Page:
Here we have the new CBS and NBC Sports Radio networks in start-up mode this month, along with NBC Sports Network (TV) now getting ready for a load of NHL telecasts starting next week. Yet, we also have Fox Sports with a major coup thanks to its analyst Jimmy Johnson.
Johnson either correctly predicted or reported, depending upon your perspective, on Friday (1/11) that Marc Trestman would be named to the Chicago Bears' coaching staff. At that time, Trestman was not one of the names being, well, speculated upon by the media as a candidate for the team's head coaching position. In an oddly timed announcement, the Bears sent out the announcement that Trestman would indeed be named the team's Head Coach on Wednesday Jan. 16th - at 4:00 AM Chicago time. The press conference to make the announcement official wasn't until the morning of January 17th.
Back on the afternoon of January 11th, Trestman was quoted by media sources as having denied Jimmy Johnson's comment via Twitter regarding the Bears position. While that is understandable, since it appears there was no contract for Trestman in place yet, the official announcement gave Jimmy Johnson and Fox Sports a major coup by being the first (if not only) source to provide what could be termed accurate speculation.
What does this all have to do with the new CBS and NBC Sports (radio) networks? When you think about it, plenty. Here we have two networks, especially CBS, on a major push to acquire an audience for their "new" national service. And NBC Sports Network on TV now gaining one of the very few programs which actually gets decent ratings while they promote their daily TV news and information shows.
When Jimmy Johnson's Twitter comment about Trestman came out last Friday, much of the national (as well as the Chicago) media went with Johnson's information. That included WSCR 670 The Score, which is the CBS sports radio station in Chicago. Once the announcement was made that Trestman was hired by the Bears as the new Head Coach, most football fans realized that Jimmy Johnson was correct with his "report". The majority of the media stories from last Friday say "Jimmy Johnson of Fox Sports".
It means that the significant media "boost" of the radio and TV stations as well as the print and online media gave to Johnson's comment on Twitter now means that Fox Sports picked up signficiant credibility among football fans. Again, Trestman was "off the radar" when it came to speculation about a new Bears head coach, so Johnson's "report" was not an obvious one, or "still another" of the same prediction. He (Johnson) clearly knew something was up.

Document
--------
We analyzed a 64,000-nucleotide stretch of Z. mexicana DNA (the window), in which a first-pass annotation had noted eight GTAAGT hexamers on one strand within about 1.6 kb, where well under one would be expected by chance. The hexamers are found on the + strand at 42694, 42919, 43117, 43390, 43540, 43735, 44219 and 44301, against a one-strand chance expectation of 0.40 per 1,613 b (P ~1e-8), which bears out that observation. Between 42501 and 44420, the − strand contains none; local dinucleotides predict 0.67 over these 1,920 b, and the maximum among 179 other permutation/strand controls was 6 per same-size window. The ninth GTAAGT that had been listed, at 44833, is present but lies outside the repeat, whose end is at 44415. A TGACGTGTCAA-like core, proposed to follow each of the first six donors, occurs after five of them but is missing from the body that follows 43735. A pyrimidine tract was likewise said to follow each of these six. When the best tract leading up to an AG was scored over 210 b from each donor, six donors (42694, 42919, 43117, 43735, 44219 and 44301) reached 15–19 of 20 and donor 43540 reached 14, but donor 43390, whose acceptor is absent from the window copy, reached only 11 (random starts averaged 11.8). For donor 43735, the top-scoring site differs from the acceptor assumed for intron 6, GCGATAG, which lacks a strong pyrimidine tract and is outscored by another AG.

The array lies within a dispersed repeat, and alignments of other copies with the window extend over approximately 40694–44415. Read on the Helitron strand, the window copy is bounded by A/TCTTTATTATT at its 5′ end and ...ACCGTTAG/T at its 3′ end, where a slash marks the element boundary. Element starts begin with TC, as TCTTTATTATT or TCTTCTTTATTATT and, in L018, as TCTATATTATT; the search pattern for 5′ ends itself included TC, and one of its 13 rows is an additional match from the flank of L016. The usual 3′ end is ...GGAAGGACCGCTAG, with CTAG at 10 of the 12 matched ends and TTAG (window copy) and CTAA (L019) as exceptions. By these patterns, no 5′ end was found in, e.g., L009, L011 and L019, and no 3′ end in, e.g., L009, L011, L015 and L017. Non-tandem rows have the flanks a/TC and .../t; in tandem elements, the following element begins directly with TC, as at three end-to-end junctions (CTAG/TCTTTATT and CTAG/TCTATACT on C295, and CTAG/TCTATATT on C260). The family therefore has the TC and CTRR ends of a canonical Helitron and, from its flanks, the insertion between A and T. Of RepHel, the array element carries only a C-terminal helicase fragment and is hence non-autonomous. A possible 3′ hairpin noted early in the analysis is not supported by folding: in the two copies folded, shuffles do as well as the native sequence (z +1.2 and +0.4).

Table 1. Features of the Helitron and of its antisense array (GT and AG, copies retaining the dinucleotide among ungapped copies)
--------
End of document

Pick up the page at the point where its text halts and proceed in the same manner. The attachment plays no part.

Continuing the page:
This also means that the "speculation" by CBS, NBC, and a lot of other media sources wound up being incorrect about who would wind up as the new Bears' coach. Not only were these sources not correct, but those which "reported" on the Johnson tweet just gave their competition a huge positive promotion.
I've said it for years in this column, to my students, and to broadcast, print, and online colleagues. You are not supposed to promote your competition. This (the Johnson tweet) is a solid example of how you can get burned. This is even worse than how often outside media sources quote the likes of Charles Barkley or Terry Bradshaw, who are now best known as analysts for a specific network.
Those who "report" on sports need to go back to actual reporting and stop speculating. There is no counting how many "reporters" carried or aired the Jimmy Johnson "tweet story" last Friday, and helped Johnson and Fox Sports gain a ton of additional publicity for being the one source which was accurate.
Think about it. Any source other than a Fox Sports radio, TV, or online affiliate should have ignored the Johnson tweet until or unless they had factual information about the Bears' head coaching situation. If they all had done so, only Fox Sports would have been touting its having been first with the information. Because Fox Sports Radio is not a strong ratings grabber at this point (despite being months ahead of CBS' and NBC's radio sports networks), not as many football fans would have ever known. After all, these speculation lists from other reporters, the vast majority of which did not include Trestman's name until last Friday, were proven wrong.
These media outlets could have merely reported the "surprise announcement" in the middle of the night by the Chicago Bears, and presented information about Trestman. That was "real" sports news. Would have been a nice change of pace.
Along the same lines is the Manti Te'o "story". Once again, the media got caught "reporting" what other media was reporting. We still (as of press time) don't know what really happened with his so-called girlfriend. For whatever reason, a ton of media time and space is being taken up with questions about this. Questions, but not answers. Then again, do we really need "answers"?
Sorry, but whatever the true story is or was, this is not a football or NCAA matter at all. Fans generally don't care about the significant other (or even lack thereof) of athletes and team officials. Whether this "story" was a hoax or not has no impact on Notre Dame's 12-0 regular season and bowl game loss. Why is this a time consuming news story outside of South Bend? (If even there?)
Let's recap. Within the past few days, a tweet "report" by Jimmy Johnson of Fox Sports proved accurate ahead of its time, despite a ton of media speculation resulting in favorable publicity for Fox Sports. And one player on a college football team may or may not have invented or been hoaxed into a story regarding a girlfriend. Yet, these two stories have taken up the bulk of sports "reports", especially in the midwest, over the past couple of days. Not "Entertainment Tonight" or TMZ, but the sportscasts.
Oh, for the days of reporting on the day's games and the players in them. One would think that with all of these new SPORTS networks coming along, someone would be able to do that.